The good Lord takes care of babies and fools. I started an East Asia master’s degree at Penn, dropped out, and miraculously got into the Harvard Business School. My prediction that my unique background as an American engineer for a Japanese company worked perfectly. HBS was awesome; I had an incredible time and learned a ton. The highlight was my parents’ visit. Harvard has lots of “big deal” people come to visit, and my dad had breakfast with the president of Peru just randomly while staying at the Dean’s House (HBS let parents stay in special quarters if you reserved on time). After HBS, I decided it was time to go back to entrepreneurship again. While I learned a lot at HBS, the main thing I learned was that capital, or the lack thereof in my case, was not a barrier to my dreams and goals.

Entrepreneurship: Chapter 1
After HBS, I applied for no jobs (I am realizing while writing this that perhaps I need to see a shrink) and moved home to Durham, where I started an investment firm called Wakefield James. This firm ended up becoming a roll up on consolidation of a fragmented sector of the residential building products supply chain. From 2002 to 2007, we grew from zero to $65 million in sales and a small office in downtown Durham to seven offices and over 500 employees (importantly, I was not the major shareholder but owned 15 percent of the common stock). I was president of the company. A highlight was my mom coming to visit, seeing this huge company, knowing that it had been created very rapidly, and asking very seriously, “Where did you get all this money to buy these companies? Is it legal?”

It was a great run. Unfortunately, the housing crisis happened, and, worse yet, my parents fell ill with cancer almost simultaneously. Luckily, during this time I had a well-developed management team (remember babies and fools) and was able to spend maximum time with my folks in their last years here on earth. I had maximum cash when I needed it and for that I am so, so thankful.

Chapter 2
After my parents passed, I was in a tough spot. As an only child, it was quite a shock to lose both parents within six weeks. I decided if I was going to start over, I was going to really start over. I took some time off and traveled (18 months or so), sold my stake in the company, did Brazil’s Iron Man triathlon (2.4-mile open ocean swim, 112-mile bike and full marathon ... By the way, I could not swim a lap well when I started training four months before the race), and started using my fundraising skills in a new home of São Paulo, Brazil. Currently, I raise capital and help build large real estate platforms for Brazil Asset Managers. We focus on real estate and credit. I decided to try to make lemonade out of lemons and use my “only child” with no parents or family situation as an advantage to create a completely new life in a new part of the world that I may not have done without this undesired new start. We have to deal with the deck of cards that we are given and make the most of it.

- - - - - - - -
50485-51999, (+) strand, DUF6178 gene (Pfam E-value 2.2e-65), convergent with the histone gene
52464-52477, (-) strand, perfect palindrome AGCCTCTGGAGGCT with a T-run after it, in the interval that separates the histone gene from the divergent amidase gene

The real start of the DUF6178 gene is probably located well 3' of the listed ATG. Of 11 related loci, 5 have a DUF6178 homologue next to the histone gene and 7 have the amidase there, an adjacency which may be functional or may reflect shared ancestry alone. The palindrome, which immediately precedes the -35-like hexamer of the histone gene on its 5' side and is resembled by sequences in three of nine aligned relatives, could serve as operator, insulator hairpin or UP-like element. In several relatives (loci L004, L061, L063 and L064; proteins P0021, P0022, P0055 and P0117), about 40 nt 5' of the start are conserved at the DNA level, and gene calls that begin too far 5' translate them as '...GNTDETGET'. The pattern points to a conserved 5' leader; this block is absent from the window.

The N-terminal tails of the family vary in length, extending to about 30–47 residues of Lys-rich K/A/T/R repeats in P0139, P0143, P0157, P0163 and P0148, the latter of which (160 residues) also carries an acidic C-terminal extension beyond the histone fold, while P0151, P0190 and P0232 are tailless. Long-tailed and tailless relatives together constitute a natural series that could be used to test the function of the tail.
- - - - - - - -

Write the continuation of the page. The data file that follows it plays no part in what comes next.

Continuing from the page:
Q: What are you doing now?
A. I live in São Paulo, Brazil. My company, InDev Capital, has a small team of five people, but we do big deals (when things work — we closed a $100M out of gate when we started). My wife is from Spain (also the controller of the company), and I spend a ton of time there (Spain) and in eastern North Carolina visiting family. We have two delightful daughters. As I write this, we are on our way to Spain to see my in-laws. This summer, I plan to spend some quality time with the family at Wrightsville Beach within walking distance of the Oceanic Restaurant.


Q. What’s on the horizon for you?

A. My goal is to build the world’s most successful emerging market real estate merchant bank, continue to make life an adventure, love my family the way my folks loved me, and eventually be able to give back to DA in a big way as it has given to me. I hope this is 1/100 as interesting to read as it was to write.